With this lens I want to show you  focal length, its compression, and how it directs focus on you.. Let’s go back on location…

I’ve switch lenses to a 70-200mm. I am now going to take 3 shots, composing each shot to have the same background.

  • first starting at 70mm, then 120mm, and finally 200 mm.

Let’s take a look at the results of the focal lengths 70mm, 120mm, and 200mm.

70mm

 

 

 

 

120mm

200mm

Notice how the background becomes more out of focus as we shift from 70 to 200mm.  The lens is also compressing the foreground with the background especially at the longest focal length, 200mm.

  • This is a distortion, but it is one that works to add softness to our image and focus on you.

To sum it up here is Beauty Tip #2 Longer Focal Lengths Spot Light You

I have one more lens and it is the black sheep of the group and it is Canon’s 70-200mm EF L II.

  • This is not a traditional portrait lens and it’s focal length is wide and referred to as wide angle. This also means it distorts the objects making the object closer to it appear wider than it is.
  • It is a prime lens and opens up to f. 1.4
  • I love this lens for it’s distortion. It is great for capturing energy. My favorite way to use this lens is with movement.

Let’s take a look at what I’m talking about.

Here are the images that best show off a 35mm lens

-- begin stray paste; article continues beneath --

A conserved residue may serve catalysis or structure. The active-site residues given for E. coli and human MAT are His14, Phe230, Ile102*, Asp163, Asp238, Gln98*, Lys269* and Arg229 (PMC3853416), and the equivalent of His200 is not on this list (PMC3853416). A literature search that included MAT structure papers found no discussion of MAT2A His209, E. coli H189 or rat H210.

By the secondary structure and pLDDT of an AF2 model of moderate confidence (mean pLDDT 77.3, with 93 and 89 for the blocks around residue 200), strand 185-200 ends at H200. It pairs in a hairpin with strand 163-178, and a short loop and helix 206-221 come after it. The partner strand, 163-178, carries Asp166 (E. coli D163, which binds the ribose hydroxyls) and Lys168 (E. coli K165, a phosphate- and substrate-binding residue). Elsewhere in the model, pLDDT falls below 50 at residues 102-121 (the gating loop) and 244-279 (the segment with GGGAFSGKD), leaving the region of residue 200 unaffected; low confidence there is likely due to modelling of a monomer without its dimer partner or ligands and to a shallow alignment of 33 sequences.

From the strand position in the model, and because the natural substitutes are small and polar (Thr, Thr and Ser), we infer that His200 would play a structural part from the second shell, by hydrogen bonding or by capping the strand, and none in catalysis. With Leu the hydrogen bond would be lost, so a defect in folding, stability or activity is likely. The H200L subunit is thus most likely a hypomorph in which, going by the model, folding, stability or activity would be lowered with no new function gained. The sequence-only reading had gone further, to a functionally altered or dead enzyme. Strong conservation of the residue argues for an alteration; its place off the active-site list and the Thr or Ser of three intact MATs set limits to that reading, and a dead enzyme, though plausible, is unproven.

• As you can see what is closest to the lens appears larger.
  • We can use this to our advantage and add energy with the right pose.

Beauty Tip #3 Wide Angle Lens are Great For Added Energy.

Finally, to add the finishing touch to beauty; we need additional light. We use B1x and D1 Profoto Strobe Lights along with a small white umbrella as a modifier and feather the light by indirectly pointing it to the subject.

Beauty Tip #4 Feathering light is a photographer’s dermabrasion.

So let’s recap what you need to know about a photographer’s beauty bag and get you knowledgeable about your photography investment.

  1. Long Focal Lengths create a flattering compression.
  2. Aperture has the ability to sharpen or blur an image.
  3. Wide Focal Lengths, distort subjects, but also add energy
  4. Feathering with off camera flash evens out skin tone.

Why do you need to know what’s in my bag? Why not just like what you see and be done with it. Here are 3 reasons:

  1. First, photography is an investment in your captured moments and don’t you research your investment and develop an understanding of what you are investing in!
  2. Second, having the knowledge of the tools a photographer uses gives you the language to express what you want in your photos by informing your photograph what you like.
  3. Third, didn’t you just  want to know the recipe to a great image!

There you have it a photographer’s beauty bag; lens and strobe light the other beauty creams. Don’t be shy, let us know how you used this video in the comments.  This is Vanessa Mir getting you one step closer to wedding ready!

Are you looking for a photo and cinema team to capture your wedding? Email us at weddings@heirloomsnaps.com

Here is the equipment that we used:

Canon 85mm EF L II / Canon 35mm EF L II/ Canon 70-200mm EF L II /Canon EOS Mark II / 1DX Profoto/ B1X Profoto Silver Beauty Dish /Profoto Zoom/ Profoto Small Silver Deep Umbrella/ Profoto Small White Umbrella

Thinking about an engagement session, wedding photography or wedding videography with Denver, Boulder, and Colorado photographer Vanessa Elise Mir and her Heirloomsnaps’ videography team email  artist@heirloomsnaps.com or contact us now.